by Judy LaPietra
Auschwitz was the largest center of extermination in the history of mankind. As record numbers of people visit this historic site in Poland today, a new opportunity has emerged to bring the historical and human consequences of Auschwitz to the world. Seeing Auschwitz is the world’s first touring photographic exhibit that provides us with the opportunity to bear witness to this history at a local level. The Stan Greenspon Holocaust and Social Justice Education Center at Queens University is proud to host this world-renowned exhibit on its North American debut in Charlotte.
The largest and most lethal of all of the extermination and concentration camps established by Nazi Germany, Auschwitz was central to the Nazi plan to eradicate all the Jews in Europe, as well as the persecution of other victim groups. Between 1940 and 1945, at least 1,100,000 people were killed in a process of systematic and industrialized mass murder.
Seeing Auschwitz is comprised of a collection of 100 photographs of this universal symbol of the Holocaust that have survived to the present day with an audio guide that includes testimonies from survivors to give the experience a narrative sense. The 60-75 minute experience consists of images, shot by perpetrators, victims and liberators that are presented not just as proof of the mass genocide but as a startling glimpse into the human lives lost. The vast collection of images come from varying sources including aerial allied pictures of the camps, documentation of the deportation process and living within Auschwitz as well as insight into life before the camps.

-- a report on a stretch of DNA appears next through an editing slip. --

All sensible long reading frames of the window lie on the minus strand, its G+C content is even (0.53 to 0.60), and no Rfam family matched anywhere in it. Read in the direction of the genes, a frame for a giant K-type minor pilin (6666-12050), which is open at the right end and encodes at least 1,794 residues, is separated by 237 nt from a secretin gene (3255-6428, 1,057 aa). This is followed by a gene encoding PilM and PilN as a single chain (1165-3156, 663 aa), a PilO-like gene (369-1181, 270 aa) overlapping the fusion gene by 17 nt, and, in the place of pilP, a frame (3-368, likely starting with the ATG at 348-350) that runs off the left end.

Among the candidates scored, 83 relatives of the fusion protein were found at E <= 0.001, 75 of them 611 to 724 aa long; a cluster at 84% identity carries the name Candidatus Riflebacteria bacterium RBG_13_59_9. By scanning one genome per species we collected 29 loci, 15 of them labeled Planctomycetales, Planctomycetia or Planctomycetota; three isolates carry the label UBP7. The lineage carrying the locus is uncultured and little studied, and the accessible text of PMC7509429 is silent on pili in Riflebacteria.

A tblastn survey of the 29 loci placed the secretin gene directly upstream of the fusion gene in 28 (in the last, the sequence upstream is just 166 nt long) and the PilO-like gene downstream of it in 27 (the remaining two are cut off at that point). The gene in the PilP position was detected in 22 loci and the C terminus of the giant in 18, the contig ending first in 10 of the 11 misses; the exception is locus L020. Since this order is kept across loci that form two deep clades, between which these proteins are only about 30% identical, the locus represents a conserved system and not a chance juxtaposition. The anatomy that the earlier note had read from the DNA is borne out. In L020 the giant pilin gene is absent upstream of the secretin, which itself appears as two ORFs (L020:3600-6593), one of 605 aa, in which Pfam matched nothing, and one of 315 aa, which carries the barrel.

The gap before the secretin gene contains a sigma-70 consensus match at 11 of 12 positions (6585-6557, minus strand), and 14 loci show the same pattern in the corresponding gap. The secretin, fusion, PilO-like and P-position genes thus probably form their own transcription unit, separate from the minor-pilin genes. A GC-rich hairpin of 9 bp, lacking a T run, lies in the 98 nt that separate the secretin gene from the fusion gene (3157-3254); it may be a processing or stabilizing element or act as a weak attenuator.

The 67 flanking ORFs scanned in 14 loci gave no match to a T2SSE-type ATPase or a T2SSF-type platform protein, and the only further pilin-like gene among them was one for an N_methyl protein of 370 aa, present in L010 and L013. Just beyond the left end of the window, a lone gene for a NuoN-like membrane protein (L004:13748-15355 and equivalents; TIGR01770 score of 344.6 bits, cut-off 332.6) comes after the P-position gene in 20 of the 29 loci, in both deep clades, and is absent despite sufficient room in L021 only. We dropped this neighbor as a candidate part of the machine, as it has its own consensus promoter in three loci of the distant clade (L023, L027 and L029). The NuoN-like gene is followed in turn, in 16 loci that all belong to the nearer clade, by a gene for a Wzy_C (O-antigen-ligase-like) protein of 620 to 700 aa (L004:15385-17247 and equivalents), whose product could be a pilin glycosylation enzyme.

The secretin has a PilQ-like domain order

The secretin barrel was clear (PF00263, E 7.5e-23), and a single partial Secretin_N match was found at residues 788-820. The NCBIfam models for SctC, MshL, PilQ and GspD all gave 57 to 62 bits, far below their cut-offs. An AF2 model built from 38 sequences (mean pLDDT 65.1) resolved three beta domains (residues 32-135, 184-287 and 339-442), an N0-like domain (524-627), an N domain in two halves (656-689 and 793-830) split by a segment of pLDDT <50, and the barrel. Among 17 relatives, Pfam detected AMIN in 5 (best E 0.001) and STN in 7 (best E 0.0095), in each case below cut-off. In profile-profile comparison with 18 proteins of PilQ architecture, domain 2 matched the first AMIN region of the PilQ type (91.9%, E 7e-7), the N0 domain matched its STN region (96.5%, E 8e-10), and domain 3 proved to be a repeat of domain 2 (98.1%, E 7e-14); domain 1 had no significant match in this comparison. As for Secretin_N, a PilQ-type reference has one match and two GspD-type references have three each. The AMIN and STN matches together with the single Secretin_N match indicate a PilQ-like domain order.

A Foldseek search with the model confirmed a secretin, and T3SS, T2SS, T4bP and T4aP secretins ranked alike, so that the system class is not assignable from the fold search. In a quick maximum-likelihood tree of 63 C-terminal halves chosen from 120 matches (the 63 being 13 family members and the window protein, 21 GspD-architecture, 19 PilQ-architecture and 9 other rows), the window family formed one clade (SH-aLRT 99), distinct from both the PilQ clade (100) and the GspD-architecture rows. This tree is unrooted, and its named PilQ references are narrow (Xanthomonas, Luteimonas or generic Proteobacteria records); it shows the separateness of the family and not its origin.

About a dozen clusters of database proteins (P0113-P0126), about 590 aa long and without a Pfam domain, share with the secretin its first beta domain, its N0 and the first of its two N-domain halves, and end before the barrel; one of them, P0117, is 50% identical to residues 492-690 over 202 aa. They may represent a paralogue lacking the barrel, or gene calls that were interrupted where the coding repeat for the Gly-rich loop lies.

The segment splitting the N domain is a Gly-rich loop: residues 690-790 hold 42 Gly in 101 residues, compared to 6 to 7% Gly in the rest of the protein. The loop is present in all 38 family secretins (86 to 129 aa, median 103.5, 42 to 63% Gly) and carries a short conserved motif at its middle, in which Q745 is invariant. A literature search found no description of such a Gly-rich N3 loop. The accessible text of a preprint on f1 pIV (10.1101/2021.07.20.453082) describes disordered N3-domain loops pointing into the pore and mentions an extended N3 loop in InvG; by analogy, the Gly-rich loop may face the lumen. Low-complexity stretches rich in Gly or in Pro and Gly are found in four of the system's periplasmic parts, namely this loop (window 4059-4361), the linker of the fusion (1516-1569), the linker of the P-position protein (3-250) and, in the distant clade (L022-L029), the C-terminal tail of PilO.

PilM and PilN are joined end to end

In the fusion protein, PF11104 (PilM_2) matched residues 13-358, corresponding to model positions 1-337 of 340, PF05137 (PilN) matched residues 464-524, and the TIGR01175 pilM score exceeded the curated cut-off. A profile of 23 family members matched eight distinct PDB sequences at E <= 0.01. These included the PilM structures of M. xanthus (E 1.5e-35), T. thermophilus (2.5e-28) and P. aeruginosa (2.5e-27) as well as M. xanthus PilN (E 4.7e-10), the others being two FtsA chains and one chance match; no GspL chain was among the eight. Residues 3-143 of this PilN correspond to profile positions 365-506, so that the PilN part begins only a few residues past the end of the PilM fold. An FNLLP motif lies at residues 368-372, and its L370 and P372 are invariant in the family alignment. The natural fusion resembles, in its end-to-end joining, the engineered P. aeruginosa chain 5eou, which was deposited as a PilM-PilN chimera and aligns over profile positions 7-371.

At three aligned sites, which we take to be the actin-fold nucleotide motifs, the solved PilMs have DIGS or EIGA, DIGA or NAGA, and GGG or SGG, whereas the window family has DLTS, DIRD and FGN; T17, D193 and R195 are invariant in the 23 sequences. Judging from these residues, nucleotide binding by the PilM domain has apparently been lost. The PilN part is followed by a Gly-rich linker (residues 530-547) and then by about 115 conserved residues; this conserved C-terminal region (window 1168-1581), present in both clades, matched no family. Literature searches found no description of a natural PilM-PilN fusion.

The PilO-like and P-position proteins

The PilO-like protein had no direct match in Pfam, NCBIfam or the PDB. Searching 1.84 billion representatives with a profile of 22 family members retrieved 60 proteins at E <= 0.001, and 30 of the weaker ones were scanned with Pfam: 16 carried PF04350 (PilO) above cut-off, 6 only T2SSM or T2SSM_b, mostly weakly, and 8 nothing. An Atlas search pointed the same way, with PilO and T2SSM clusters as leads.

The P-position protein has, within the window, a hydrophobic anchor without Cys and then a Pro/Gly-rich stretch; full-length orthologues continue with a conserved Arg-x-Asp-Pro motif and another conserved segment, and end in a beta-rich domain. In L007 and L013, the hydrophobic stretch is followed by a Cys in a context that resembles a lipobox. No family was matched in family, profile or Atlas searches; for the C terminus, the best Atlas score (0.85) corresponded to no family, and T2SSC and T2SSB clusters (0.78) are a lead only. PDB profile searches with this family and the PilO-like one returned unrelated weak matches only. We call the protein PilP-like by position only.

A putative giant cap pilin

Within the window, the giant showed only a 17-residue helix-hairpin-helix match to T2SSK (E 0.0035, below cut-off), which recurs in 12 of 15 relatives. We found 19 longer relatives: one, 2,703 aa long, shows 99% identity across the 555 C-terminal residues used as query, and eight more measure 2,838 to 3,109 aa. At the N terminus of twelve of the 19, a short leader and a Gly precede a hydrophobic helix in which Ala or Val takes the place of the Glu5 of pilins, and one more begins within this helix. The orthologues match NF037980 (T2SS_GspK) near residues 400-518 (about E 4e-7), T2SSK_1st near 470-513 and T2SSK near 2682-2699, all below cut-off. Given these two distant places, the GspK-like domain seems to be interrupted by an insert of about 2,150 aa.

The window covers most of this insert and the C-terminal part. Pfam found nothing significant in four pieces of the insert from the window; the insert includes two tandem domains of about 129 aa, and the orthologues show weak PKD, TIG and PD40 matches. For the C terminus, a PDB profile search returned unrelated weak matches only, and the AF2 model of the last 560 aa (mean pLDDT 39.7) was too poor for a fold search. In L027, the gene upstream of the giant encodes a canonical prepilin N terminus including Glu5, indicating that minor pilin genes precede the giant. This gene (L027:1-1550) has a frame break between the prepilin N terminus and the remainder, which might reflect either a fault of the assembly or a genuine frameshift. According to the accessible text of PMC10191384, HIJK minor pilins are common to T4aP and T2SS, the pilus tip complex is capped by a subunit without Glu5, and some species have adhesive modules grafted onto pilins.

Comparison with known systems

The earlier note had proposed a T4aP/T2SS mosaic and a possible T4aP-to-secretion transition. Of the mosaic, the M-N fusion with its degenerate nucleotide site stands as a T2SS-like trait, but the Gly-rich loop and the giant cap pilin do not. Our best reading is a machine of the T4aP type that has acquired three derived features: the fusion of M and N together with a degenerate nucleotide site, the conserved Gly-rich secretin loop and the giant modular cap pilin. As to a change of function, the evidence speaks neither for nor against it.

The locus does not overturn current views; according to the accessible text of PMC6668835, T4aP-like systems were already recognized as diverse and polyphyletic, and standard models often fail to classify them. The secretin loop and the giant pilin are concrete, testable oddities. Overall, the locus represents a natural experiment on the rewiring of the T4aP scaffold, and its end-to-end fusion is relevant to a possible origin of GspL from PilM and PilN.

Through our engagement with these historic images, we are able to deepen our understanding of events, to connect to the human narrative, and to honor and remember the individual victims who were murdered at Auschwitz.
Seeing Auschwitz was conceived and produced by Musealia, in partnership with the Auschwitz-Birkenau State Museum, and in collaboration with the UN and UNESCO.
We hope that you will join us for this historic and powerful experience.
The exhibit will open on International Holocaust Remembrance Day on January 27, 2024 which marks the liberation of Auschwitz, and run through April 15, 2024 at the Nine Eighteen Nine Studio Gallery at The VAPA Center, 700 North Tryon Street, Charlotte, NC.
Tickets will be made available for purchase through the Fever entertainment company. The audio guide is free of charge and accessible from your mobile phone. Parking at the VAPA Center is free to the public.
The exhibition offers free educational material suitable for various levels of learning to encourage reflection, making learning accessible to school groups.
To learn more about the program, contact Judy LaPietra, LaPietraj@queens.edu.